Models and Selection Criteria for Regression and Classification
 Uncertainty in Arificial Intelligence 13
, 1997
"... When performing regression or classification, we are interested in the conditional probability distribution for an outcome or class variable Y given a set of explanatory or input variables X. We consider Bayesian models for this task. In particular, we examine a special class of models, which we ca ..."
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Cited by 23 (2 self)
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When performing regression or classification, we are interested in the conditional probability distribution for an outcome or class variable Y given a set of explanatory or input variables X. We consider Bayesian models for this task. In particular, we examine a special class of models, which we call Bayesian regression/classification (BRC) models, that can be factored into independent conditional (yjx) and input (x) models. These models are convenient, because the conditional model (the portion of the full model that we care about) can be analyzed by itself. We examine the practice of transforming arbitrary Bayesian models to BRC models, and argue that this practice is often inappropriate because it ignores prior knowledge that may be important for learning. In addition, we examine Bayesian methods for learning models from data. We discuss two criteria for Bayesian model selection that are appropriate for repression/classification: one described by Spiegelhalter et al. (1993), and an...
Lazy Bayesian Rules: A Lazy SemiNaive Bayesian Learning Technique Competitive to Boosting Decision Trees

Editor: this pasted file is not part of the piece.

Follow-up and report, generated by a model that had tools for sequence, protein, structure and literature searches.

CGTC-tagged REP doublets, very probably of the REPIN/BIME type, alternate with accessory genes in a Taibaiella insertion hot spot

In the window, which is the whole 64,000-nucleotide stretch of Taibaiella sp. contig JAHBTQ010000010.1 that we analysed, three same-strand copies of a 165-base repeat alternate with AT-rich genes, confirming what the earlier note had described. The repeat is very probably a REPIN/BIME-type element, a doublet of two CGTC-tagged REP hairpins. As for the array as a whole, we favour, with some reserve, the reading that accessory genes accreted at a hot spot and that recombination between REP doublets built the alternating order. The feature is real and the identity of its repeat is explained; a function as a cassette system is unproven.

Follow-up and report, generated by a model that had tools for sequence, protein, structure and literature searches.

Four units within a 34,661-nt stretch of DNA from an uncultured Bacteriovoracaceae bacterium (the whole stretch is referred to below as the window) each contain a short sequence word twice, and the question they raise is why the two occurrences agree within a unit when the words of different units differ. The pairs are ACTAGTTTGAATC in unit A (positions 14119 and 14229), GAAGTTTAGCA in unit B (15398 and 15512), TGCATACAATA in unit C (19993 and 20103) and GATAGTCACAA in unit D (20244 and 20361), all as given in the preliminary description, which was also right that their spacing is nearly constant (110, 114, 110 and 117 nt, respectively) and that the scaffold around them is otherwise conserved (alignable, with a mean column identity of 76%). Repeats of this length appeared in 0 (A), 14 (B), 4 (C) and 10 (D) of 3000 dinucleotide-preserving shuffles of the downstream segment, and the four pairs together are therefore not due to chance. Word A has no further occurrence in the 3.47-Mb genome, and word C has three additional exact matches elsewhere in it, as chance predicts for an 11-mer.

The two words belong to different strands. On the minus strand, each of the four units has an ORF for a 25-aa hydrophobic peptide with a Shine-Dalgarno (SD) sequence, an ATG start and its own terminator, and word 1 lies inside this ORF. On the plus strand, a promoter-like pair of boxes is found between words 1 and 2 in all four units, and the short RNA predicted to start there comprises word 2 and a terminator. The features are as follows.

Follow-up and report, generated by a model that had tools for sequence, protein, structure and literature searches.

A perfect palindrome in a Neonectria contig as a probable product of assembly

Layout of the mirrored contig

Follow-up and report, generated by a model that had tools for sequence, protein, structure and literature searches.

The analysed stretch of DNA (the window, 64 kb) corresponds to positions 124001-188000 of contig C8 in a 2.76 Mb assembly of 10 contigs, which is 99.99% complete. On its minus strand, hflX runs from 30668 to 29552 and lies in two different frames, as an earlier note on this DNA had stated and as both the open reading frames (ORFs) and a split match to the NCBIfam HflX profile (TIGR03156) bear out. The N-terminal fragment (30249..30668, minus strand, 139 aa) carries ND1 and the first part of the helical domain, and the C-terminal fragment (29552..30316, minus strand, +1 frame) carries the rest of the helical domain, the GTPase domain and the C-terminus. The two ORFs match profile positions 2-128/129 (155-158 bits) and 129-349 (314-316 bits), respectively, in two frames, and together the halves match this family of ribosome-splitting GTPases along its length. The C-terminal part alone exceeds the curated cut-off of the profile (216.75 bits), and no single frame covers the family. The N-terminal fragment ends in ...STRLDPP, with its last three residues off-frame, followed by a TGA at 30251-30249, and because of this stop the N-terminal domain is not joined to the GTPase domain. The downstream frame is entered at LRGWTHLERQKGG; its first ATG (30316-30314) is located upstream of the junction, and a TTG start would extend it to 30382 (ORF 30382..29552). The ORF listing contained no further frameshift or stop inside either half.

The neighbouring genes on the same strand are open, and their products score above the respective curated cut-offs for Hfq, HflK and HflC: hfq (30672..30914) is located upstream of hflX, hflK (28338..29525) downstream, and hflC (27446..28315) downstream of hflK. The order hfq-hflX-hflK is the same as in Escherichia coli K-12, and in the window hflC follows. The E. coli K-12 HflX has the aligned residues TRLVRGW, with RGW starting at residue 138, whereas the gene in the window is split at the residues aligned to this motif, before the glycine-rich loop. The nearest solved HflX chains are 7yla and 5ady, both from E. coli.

IN PROC. 16TH INTERNATIONAL CONF. ON MACHINE LEARNING
, 1999
"... Lbr is a lazy seminaive Bayesian classifier learning technique, designed to alleviate the attribute interdependence problem of naive Bayesian classification. To classify a test example, it creates a conjunctive rule that selects a most appropriate subset of training examples and induces a local nai ..."
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Cited by 18 (6 self)
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Lbr is a lazy seminaive Bayesian classifier learning technique, designed to alleviate the attribute interdependence problem of naive Bayesian classification. To classify a test example, it creates a conjunctive rule that selects a most appropriate subset of training examples and induces a local naive Bayesian classifier using this subset. Lbr can significantly improve the performance of the naive Bayesian classifier. A bias and variance analysis of Lbr reveals that it significantly reduces the bias of naive Bayesian classification at a cost of a slight increase in variance. It is interesting to compare this lazy technique with boosting and bagging, two wellknown stateoftheart nonlazy learning techniques. Empirical comparison of Lbr with boosting decision trees on discrete valued data shows that Lbr has, on average, significantly lower variance and higher bias. As a result of the interaction of these effects, the average prediction error of Lbr over a range of learning tasks is at...
Theory refinement of bayesian networks with hidden variables
 In Machine Learning: Proceedingsof the International Conference
, 1998
"... Copyright by ..."